The Deadlies: Felix Takes the Stage, by Kathryn Lasky

For the last hour of the Read-a-thon, I abandoned my original choices and went with something quick and easy from the general to-be-read pile: Felix Takes the Stage, by Kathryn Lasky (Scholastic, May 2010, for ages 7-9, 148 pages).

It can be hard to be a young brown recluse spider with a fondness for the arts. People tend not to want extremely venomous spiders around, and brown recluses, in general, aren't known for their beautiful webs.

But young Felix, growing up in a California concert hall, spends his evenings admiring the conductor, wanting to be part of the music...until one evening, when he gets to close to the conductor, and lets himself be seen. The conductor has a heart attack, Felix looses a leg, and the exterminators are on their way...so the spider family (mother, two older sisters, and Felix, and the god-spider theatre cat who's known the children since they were eggs) must find a new home.

The antique store nearby offers shelter, but other spiders already live there, including snooty orb weavers, the dangerous pirate spiders. It's not the place where cultured, intellectual mother spider wants her children to live. Maybe it's time to move to Boston, where there are great libraries, theaters, art galleries....maybe there Felix can find an outlet for his creative urges.

A charming spider story for the young. Older readers (like me) might find it too didactic at times--not only does the mother spider herself directly instruct her young throughout the book on various topics, there are many embedded lessons, primarily on the topic of judging people/spiders not by their venom, but by their characters. But for the young intended audience, this is, I think, a fresher, more salient point of view than it is for the adult reader, and it's certainly a lesson I want my children to learn. And the charm of seeing the world from a spidery point of view, with many little humorous details to chuckle over, keeps the story moving nicely despite the moral underlinings.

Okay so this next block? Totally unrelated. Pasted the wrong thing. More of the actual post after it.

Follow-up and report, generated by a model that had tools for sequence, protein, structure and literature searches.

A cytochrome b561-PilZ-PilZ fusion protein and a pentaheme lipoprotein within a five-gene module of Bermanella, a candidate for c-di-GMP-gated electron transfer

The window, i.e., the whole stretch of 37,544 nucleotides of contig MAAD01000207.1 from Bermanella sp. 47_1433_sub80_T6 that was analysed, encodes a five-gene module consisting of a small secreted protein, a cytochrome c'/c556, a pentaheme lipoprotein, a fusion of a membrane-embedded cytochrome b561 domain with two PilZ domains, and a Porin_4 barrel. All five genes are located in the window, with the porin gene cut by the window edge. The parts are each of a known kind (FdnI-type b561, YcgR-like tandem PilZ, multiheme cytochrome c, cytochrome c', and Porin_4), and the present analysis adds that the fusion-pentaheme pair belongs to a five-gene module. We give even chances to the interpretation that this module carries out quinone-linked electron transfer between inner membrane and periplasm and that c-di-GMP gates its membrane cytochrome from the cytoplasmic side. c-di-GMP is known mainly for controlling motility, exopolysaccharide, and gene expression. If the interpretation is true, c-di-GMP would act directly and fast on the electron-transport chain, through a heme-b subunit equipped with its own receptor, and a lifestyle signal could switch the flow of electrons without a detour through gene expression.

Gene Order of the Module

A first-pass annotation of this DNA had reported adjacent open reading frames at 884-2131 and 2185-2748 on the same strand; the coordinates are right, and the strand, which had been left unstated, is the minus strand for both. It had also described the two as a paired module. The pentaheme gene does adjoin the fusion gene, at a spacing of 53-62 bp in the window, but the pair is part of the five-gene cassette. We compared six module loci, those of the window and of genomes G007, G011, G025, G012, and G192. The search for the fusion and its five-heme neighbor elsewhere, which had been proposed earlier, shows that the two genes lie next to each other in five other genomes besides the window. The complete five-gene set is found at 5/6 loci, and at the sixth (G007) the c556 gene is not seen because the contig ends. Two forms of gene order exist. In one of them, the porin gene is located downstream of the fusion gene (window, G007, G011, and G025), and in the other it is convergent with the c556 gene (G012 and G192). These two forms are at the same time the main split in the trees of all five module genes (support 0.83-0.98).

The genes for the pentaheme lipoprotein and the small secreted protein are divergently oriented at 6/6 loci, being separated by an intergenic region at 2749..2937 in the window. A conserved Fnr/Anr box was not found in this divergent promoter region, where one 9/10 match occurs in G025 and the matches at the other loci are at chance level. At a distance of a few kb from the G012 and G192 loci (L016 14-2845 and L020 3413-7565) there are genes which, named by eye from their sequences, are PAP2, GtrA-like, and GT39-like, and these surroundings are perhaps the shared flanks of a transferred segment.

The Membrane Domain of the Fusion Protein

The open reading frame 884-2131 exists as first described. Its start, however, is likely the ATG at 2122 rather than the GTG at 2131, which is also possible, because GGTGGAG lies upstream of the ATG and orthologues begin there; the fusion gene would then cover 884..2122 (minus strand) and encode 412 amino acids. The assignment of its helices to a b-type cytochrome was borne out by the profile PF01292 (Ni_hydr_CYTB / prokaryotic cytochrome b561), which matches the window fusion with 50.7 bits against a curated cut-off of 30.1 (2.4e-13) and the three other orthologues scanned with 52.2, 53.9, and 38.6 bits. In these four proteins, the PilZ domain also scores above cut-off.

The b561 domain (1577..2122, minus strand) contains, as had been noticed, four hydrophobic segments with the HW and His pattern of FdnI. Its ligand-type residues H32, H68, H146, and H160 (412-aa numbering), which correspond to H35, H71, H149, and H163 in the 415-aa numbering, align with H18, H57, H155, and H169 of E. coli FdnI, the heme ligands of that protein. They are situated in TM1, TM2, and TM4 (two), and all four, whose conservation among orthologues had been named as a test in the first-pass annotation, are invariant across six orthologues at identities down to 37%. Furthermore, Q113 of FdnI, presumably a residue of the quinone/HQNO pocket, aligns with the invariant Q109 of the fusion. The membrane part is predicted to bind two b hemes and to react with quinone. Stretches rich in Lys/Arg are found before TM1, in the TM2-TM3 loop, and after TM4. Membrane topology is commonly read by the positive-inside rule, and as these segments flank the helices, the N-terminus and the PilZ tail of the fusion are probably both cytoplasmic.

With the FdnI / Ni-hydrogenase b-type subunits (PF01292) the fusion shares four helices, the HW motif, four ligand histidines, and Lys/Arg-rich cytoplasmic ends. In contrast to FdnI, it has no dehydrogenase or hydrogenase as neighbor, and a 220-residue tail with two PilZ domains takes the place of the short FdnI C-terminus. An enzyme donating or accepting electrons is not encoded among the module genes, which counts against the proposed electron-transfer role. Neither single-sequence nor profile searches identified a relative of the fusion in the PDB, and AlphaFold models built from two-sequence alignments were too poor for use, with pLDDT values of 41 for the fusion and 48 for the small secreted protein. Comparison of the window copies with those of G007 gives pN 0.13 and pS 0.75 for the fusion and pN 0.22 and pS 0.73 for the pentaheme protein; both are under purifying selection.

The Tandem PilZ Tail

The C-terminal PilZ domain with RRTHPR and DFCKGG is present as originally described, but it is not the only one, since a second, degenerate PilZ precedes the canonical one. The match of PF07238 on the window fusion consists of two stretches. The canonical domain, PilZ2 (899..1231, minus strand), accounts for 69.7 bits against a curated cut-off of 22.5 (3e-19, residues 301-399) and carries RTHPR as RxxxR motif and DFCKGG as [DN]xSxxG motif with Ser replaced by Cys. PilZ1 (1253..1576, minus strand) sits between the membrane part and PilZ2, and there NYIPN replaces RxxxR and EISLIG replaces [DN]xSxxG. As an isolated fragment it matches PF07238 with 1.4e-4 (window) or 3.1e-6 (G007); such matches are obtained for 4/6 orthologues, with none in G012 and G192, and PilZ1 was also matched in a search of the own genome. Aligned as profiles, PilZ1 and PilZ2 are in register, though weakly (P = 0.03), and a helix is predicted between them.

I read this book in art form, without its final art, so cannot speak to the appeal of the finished product. But I think it's a good one to give, in particular, to the child fascinated by the world of animals (and then next year said child can read Masterpiece, by Elise Broach, the story of an artistic beetle). Even though it's ostensibly for youngish readers (friendly font size, pictures, short chapters--that sort of thing), I think it has enough interest to be a good choice for the nine year oldish child who lacks reading confidence.

Postscript: I especially liked the Black Widow couple, Albert and Rachel: "...the two were on their honeymoon as well, and they were determined to buck the current. Rachel point-blank refused to kill her mate. "Tough spinnerets!" she huffed. "This one's a keeper. I'm not letting him go!" (page 69 of ARC)

(disclaimer: ARC received from the publisher at ALA Midwinter)

1 comment:

  1. Albert & Rachel should have a book of their own...


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